By Darren Boyle
Published: 13:34 EST, 14 June 2014 | Updated: 08:22 EST, 15 June 2014
Pope Francis has announced he will no longer used a bullet-proof Popemobile as the glass 'sardine can' keeps him away from the people.
The armoured vehicles were introduced after the 1981 assassination attempt of Pope John Paul II in a bid to prevent further attacks on the leader of the Roman Catholic Church.
During the interview with a Spanish newspaper which was reported by Vatican Radio, Pope Francis said: 'It is true that anything could happen, but let's face it, at my age I don't have much to lose.'
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Pope Francis said he no longer wants to use a bullet-proof Popemobile as it is a 'sardine can' which keeps him away from the people, claiming that 'at my age I don't have much to lose'
He continued: 'I know that something could happen to me, but it's in the hands of God.'
The Argentinian pontiff was more diplomatic when questioned on the World Cup claiming he will be neutral when it comes to who he will support during the competition.
When asked about his legacy, Pope Francis said: 'I have not thought about this. But I like it when you recall someone and say "he was a good guy, he did what he could, and he was not that bad." With that, I would be content.'
Pope Francis meets members of the public at weekly audience
Pope Francis has told his security officials he wants to be able to interact with crowds when he is out in public and cannot do so effectively behind a screen of bullet proof glass
Already during several high profile visits Pope Francis has rejected his custom-built high security vehicle and used ordinary cars.
On a visit to Brazil, Pope Francis used a small Fiat from the airport to the centre of Rio which caused problems for security officials.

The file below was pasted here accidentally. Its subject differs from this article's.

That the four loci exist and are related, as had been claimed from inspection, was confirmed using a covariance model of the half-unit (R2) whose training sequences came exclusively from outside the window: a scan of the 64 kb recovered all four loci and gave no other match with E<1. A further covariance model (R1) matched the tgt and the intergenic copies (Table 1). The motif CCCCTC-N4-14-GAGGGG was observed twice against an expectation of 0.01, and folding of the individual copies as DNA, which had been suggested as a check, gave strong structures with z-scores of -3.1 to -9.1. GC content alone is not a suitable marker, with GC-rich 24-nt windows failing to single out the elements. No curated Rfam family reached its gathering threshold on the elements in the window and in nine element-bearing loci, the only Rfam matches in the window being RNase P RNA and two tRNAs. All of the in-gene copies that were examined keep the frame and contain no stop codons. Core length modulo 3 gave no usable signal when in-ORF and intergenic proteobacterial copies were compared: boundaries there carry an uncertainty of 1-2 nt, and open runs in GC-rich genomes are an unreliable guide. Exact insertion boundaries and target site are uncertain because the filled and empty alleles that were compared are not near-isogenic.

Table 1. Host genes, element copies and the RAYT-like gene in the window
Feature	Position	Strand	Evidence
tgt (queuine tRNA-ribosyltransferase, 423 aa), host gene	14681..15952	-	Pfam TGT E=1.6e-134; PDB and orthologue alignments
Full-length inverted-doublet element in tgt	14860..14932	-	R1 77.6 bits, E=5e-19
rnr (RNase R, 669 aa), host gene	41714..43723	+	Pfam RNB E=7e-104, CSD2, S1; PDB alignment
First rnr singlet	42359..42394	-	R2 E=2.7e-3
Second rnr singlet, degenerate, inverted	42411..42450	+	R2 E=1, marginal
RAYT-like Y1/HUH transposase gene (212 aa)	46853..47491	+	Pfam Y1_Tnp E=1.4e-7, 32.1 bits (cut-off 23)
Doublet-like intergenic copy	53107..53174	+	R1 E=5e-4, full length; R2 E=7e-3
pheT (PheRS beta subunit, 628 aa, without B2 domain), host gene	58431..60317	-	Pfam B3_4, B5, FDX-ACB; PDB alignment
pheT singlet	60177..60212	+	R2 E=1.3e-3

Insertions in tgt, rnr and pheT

While on his high profile trip to the Middle East, Pope Francis made an unscheduled stop to an Israeli security wall in the West Bank where he paused to prayer in a highly symbolic but controversial gesture.
The specially designed Popemobiles were introduced after Pope John Paul II was hit several times when Turkish gunman Mehmet Ali Agca opened fire in St Peter's Square in May 1981.
The Pontiff has established a regular routine of hugging children as he arrives for his weekly general audience at the Vatican despite this being the location where Pope John Paul II was shot
Pope Pius X refused to use the first car which arrived at the Vatican in 1909 which was a gift from the archbishop of New York.
Since the 1930s, many Popes have used various types of Mercedes with the special number plate SCV 1.
However, it wasn't until Pope John Paul II that the Popemobile became internationally recognised due to the level of international travel he took.
During his 1982 visit to Britain, Pope John Paul II had a highly modified Leyland truck to transport him. It weighed 24 tonnes and was able to survive small-arms fire.
Pope Benedict used a highly modified armoured Mercedes G Wagon capable of driving at speeds of up to 160mph.
However, after his election, Pope Francis refused to travel in the Popemobile and instead went on the bus with his cardinals.
Pope Francis was given a 40-year-old Renault 4 by a Fr Renzo Zocca from northern Italy as a gift last year.